The Employer Reputation Index is a key metric of the QS World University Ranking(s)® carrying a weighting of 10% in the World ranking and different weights in other rankings we produce.
The Employer Reputation component is unique amongst current international evaluations in taking into consideration the important component of employability. The majority of undergraduate students leave university in search of employment after their first degree, making the reputation of their university amongst employers a crucial consideration.
Source of Respondents
The results are based on the responses to a survey distributed worldwide academics from a number of different sources:
- Previous Respondents
- Submitted contact lists from institutions (see Survey Nominations Procedure)
- Sign-ups on our sign-up facility (see Survey Nominations Procedure)
- Survey partners
The survey is sent to many thousands of global employers each year. It has largely followed the same principles since inception, with some variation depending on career market themes of interest over time. At the beginning of the survey, academics state their field specialism and their regional familiarity. We ask the following questions of each respondent:
- Their name
- Their company
- Their location
- The nature and size of their organization
Top Domestic Institutions
- Employers are asked to nominate up to 10 institutions that they rate as being the best for producing graduates.
Top International Institutions
- Employers are asked to nominate up to thirty international institutions from their country/territory of knowledge that they rate as being the best for producing graduates.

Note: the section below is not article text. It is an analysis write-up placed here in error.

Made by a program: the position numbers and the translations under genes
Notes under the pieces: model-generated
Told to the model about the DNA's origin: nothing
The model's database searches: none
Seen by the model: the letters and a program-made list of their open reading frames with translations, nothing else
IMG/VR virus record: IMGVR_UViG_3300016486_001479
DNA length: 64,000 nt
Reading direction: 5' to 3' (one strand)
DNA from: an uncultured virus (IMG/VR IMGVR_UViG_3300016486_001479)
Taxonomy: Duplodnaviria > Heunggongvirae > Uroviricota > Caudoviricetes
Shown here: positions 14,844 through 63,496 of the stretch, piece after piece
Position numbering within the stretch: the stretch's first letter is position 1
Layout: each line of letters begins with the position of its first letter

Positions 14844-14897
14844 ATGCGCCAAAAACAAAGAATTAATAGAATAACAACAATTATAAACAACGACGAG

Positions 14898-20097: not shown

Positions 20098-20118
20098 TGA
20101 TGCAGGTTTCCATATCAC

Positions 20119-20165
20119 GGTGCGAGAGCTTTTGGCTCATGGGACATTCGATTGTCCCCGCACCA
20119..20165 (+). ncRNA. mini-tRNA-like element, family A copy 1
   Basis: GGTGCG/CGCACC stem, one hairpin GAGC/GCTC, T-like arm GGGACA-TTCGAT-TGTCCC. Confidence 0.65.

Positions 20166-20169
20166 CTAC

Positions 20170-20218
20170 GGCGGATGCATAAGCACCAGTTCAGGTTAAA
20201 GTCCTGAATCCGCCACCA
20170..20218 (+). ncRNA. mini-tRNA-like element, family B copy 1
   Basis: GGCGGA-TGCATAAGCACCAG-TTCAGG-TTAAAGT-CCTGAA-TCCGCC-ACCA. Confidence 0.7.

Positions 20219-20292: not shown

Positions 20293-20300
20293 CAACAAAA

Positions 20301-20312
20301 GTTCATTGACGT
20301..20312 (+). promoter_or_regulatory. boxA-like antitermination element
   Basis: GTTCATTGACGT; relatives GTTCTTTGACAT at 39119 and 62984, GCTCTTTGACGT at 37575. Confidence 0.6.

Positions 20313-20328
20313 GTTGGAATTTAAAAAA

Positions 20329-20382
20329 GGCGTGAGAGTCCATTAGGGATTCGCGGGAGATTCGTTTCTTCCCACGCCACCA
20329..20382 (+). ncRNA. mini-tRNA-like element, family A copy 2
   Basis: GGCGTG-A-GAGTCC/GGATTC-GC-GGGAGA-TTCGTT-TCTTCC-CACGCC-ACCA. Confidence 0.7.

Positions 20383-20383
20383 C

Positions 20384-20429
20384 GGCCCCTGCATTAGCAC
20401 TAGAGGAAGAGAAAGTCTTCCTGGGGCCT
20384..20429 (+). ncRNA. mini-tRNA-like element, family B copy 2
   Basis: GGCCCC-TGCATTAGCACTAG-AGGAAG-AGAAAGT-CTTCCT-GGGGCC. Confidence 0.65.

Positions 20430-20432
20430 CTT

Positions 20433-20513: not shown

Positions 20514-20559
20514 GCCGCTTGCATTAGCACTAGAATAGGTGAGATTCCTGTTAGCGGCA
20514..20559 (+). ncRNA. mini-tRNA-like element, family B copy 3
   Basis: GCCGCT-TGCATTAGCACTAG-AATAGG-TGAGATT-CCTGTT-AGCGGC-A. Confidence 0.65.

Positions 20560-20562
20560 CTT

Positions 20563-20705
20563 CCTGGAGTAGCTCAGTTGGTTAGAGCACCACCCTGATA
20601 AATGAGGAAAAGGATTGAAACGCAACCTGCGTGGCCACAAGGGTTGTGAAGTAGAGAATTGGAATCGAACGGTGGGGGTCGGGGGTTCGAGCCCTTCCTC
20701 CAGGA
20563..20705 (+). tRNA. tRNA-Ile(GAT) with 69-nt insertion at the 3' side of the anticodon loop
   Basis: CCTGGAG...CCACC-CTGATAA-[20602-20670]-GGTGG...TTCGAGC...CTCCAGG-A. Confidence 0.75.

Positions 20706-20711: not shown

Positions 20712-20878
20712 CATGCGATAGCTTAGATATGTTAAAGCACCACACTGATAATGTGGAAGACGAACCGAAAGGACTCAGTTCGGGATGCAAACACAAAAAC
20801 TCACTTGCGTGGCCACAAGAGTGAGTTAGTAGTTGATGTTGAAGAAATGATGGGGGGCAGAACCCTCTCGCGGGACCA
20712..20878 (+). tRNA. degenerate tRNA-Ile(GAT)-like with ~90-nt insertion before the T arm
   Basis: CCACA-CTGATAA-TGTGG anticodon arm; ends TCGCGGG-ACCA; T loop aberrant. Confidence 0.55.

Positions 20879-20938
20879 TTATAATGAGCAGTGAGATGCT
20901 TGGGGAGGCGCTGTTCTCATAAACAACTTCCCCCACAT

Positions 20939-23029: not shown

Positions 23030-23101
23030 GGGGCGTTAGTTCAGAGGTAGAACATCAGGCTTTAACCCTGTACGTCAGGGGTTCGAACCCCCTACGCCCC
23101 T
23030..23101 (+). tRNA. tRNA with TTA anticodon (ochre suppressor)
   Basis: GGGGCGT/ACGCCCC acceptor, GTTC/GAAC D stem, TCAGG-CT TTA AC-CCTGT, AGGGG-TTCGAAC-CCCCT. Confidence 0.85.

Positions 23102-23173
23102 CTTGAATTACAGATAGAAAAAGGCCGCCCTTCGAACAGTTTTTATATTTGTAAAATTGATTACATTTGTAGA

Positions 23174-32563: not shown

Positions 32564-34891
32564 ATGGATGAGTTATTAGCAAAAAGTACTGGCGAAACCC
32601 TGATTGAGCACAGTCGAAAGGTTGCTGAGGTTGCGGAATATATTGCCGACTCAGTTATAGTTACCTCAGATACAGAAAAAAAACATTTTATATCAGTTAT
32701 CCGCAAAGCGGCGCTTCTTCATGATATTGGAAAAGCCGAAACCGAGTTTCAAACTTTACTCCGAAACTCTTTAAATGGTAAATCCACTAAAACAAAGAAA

Each year, the survey has additional questions that seek to answer a particular theme or need from the market, or to provide deeper insight into the nominations we receive. Past themes have included online learning, sustainability, and emerging skills.
Data cleaning and validity checks
Once the survey has been collated, a variety of checks and balances are performed to ensure the responses are valid, useable and complete.
We first remove the following:
- Submitted surveys with no nominations
- Survey was completed too quickly as to be trustworthy
- Responses submitted by any QS office
- Responses submitted by students or academics (ineligible for the Employer Survey)
We then seek to ensure that the nominations provided are being done in good faith. This anomaly testing includes, but is not limited to, removing responses where:
- The same email address was used multiple times
- Multiple email addresses are associated to the same full name & nationality
- The same IP addresses have been used in both surveys
Where we see an above average number of repetitive nominations from a single IP address, we will seek to identify the respondent and investigate.
Finally, we sort and match string entries and map them to the correct variables in our analyses.
Step by Step Analysis
Once the responses have all been processed, we apply the following procedures for all of the employer nominations (with no breakdown by five broad faculty areas as is the case for Academic Reputation).
- Devise weightings based on the regional familiarity of respondents. Respondents are able to relate to more than one region.
- Devise weightings based on the location with which respondents consider themselves familiar. Here we look at how many well enough recognized institutions in the location per response originated from it. Therefore nominations originating from mature markets are weighted higher. Locations with a low participation rate are exempted from this to avoid small number effects.
- Now, having regional and location weightings ready, we derive a weighted count of international nominations for each institution. Here, we use a 5-year aggregation of nominations, where the earlier two years count for 25% and 50%, and the most recent three years at full 100% weight.
- Derive a weighted count of domestic nominations for each institution (excluding self-nominations). This is adjusted against the number of institutions from that country with a certain level of international nominations and the total response from that country. Countries with more recognized institutions naturally face more competition in terms of gaining nominations, and this is designed to reflect and reward this.
- Apply a straight scaling to each of these to achieve a score out of 100.
- Combine the two scores with equal (50:50) weightings.
- Square root the result to draw in the outliers.
- Scale the rooted score to present a score out of 100.